McCaffrey predicted that National Guard brigades will likely be called for an involuntary second combat tour, and said the U.S. Army and Marine Corps cannot sustain the current levels of deployment.

McCaffrey did say some of the tactics employed by Gen. David Petraeus, Multi-National Force-Iraq commander, were making a difference. For instance, going back into cities with platoon-size forces is helping U.S. soldiers find insurgents and stabilize certain communities, McCaffrey said.

“Some things have changed for the better in Baghdad,” McCaffrey said.


Also, there are indications that some of the millions of Iraqi refugees who fled to Syria and Jordan are starting to come back to their houses. McCaffrey also calls for more money and equipment to stand up the Iraqi Security Forces who, he said, have taken horrendous casualties. They need 150 U.S. helicopters, 24 C-130 airlifters and 5,000 light armored vehicles, he said.


“We must give them the leverage to replace us as our combat formations withdraw in the coming 36 months,” said McCaffrey.

The report credits Petraeus with making progress in this area, indicating that 3,500 armored Humvees, 3,500 rocket-propelled grenades 1,400 heavy machine guns, 900 mortars and more than 80 helicopters are now arriving for the Iraqi Security Forces.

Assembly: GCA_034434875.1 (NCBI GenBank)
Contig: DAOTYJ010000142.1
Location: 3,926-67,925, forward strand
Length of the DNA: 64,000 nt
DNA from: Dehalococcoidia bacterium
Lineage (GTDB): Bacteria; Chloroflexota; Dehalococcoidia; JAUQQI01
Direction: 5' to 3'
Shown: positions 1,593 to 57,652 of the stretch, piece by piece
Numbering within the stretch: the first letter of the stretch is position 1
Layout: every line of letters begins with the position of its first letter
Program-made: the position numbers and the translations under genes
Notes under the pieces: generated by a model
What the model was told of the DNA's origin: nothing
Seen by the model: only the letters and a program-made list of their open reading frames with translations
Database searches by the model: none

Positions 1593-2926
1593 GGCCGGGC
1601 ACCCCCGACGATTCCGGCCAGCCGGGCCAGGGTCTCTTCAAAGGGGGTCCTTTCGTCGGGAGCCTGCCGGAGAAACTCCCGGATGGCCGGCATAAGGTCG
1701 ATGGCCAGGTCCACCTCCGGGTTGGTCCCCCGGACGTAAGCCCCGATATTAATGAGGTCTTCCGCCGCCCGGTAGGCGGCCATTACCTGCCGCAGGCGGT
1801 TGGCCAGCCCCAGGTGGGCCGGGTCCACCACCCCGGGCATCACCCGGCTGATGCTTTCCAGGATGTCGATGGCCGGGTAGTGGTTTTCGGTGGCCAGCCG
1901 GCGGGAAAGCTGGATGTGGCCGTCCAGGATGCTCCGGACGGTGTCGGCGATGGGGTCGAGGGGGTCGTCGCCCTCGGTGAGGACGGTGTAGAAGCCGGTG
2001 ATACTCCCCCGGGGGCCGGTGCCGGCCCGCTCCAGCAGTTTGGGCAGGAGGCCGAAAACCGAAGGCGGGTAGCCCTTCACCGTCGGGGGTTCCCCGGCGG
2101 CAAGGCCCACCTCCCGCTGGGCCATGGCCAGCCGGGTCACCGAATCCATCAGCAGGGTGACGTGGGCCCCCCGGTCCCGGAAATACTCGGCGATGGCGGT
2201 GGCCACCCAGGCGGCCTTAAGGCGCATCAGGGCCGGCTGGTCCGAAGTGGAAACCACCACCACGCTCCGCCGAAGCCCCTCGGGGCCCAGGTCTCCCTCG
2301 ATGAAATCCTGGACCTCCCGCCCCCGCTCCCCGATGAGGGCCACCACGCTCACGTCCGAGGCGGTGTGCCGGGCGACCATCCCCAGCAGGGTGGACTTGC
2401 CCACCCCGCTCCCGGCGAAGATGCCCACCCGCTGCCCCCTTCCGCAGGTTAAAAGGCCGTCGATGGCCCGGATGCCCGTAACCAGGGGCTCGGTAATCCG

Additionally, McCaffrey’s report says there is a groundswell of Sunni opposition to al-Qaida in Iraq. The opposition is in the Anbar province, the report says, and was fostered by the U.S. Marines. “There is now active combat between Sunni tribal leadership and al-Qaida in Iraq terrorists,” the report says.


Dean Popps, Director of the U.S. Army’s Iraq Reconstruction and Program Management, said more than $35 billion has been spent on 14,275 reconstruction projects in Iraq since the 2003 invasion. “It is the equivalent of the Marshall Plan without a name, with projects including water, power, public works, security, education, and oil,” said Popps. So far, $10 billion has been spent on the Iraqi Security Forces.

Crediting the U.S. Army Corps of Engineers, Gulf Region Division, Popps said in many areas “pipelines have been restored, ports are open, there is lots of commerce and goods on the street”